Racial and Ethnic Identities of Mexican-White Couples in Texas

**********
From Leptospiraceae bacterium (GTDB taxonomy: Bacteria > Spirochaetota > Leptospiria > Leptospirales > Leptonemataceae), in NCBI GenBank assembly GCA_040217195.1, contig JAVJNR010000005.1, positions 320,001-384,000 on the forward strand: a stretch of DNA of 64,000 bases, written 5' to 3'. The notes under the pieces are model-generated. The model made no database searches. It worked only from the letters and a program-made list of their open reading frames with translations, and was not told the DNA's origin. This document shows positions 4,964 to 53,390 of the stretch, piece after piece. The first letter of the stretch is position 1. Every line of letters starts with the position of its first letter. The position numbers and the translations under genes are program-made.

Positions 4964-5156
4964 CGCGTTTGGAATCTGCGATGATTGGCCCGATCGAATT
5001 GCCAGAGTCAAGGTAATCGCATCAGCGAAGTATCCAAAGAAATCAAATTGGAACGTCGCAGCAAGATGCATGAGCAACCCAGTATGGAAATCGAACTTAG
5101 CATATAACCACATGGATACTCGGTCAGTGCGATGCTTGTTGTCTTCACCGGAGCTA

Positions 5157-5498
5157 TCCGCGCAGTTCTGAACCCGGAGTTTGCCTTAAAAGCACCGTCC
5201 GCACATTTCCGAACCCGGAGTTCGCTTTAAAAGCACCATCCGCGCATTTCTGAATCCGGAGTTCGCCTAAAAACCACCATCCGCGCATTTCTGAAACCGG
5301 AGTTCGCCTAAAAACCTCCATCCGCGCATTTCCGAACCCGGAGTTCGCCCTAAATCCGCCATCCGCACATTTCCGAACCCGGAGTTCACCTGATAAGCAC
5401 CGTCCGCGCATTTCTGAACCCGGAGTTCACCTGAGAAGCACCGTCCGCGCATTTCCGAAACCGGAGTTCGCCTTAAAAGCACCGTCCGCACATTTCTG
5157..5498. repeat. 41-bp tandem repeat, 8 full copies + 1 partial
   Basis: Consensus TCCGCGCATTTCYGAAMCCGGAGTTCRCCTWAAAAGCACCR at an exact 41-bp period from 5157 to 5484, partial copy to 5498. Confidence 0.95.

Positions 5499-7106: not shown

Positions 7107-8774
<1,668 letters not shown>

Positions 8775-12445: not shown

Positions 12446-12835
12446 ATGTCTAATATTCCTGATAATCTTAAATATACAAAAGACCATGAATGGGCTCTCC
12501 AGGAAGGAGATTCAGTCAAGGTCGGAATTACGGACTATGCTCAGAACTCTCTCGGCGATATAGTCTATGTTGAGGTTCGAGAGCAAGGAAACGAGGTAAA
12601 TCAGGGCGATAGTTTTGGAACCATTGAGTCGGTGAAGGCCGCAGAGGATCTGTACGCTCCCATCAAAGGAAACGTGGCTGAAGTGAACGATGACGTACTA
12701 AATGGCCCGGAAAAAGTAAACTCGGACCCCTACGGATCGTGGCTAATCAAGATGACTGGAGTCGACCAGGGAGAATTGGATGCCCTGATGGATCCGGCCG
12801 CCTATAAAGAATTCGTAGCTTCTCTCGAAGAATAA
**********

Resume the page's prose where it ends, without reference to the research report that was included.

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This thesis is a result of qualitative research conducted with individuals in interracial, Mexican-White couples in Southeast, Texas. This study calls into question the ways in which individuals in these relationships self-identify and how they perceive and are perceived by their partners. There are several conclusions reached during this study. First, the results partially support Omi and Winant?s (1994) argument that racial and ethnic identities are fluid and dynamic among non-White individuals, as is shown by the availability of labels and the variation in selecting those identities. Second, the analysis shows that Whites impose the label ?Hispanic? onto their Mexican partners, regardless of how these self-identify. Finally, the identity of Whites does not support Omi and Winant?s (1994) argument that racial and ethnic identities are fluid and dynamic. On the contrary, behaviors and attitudes among Whites shift, but their identity is static. This reflects the retention of White power and privilege associated with White identity. This analysis utilized forty in-depth interviews of individuals living in a small to medium sized metropolitan area in Texas, and who were asked to discuss ethnic and racial identity as it is self-identified, and perceived and imposed by their partners. Respondents revealed extensive variation in responses as to how individuals in these couples racially and ethnically self-identified, identified their partners, as well as, what factors may or may not affect those identifications. Results indicate a complex relationship between individuals in interracial and interethnic relationships and their constructions of identity that influence racial and ethnic identifications.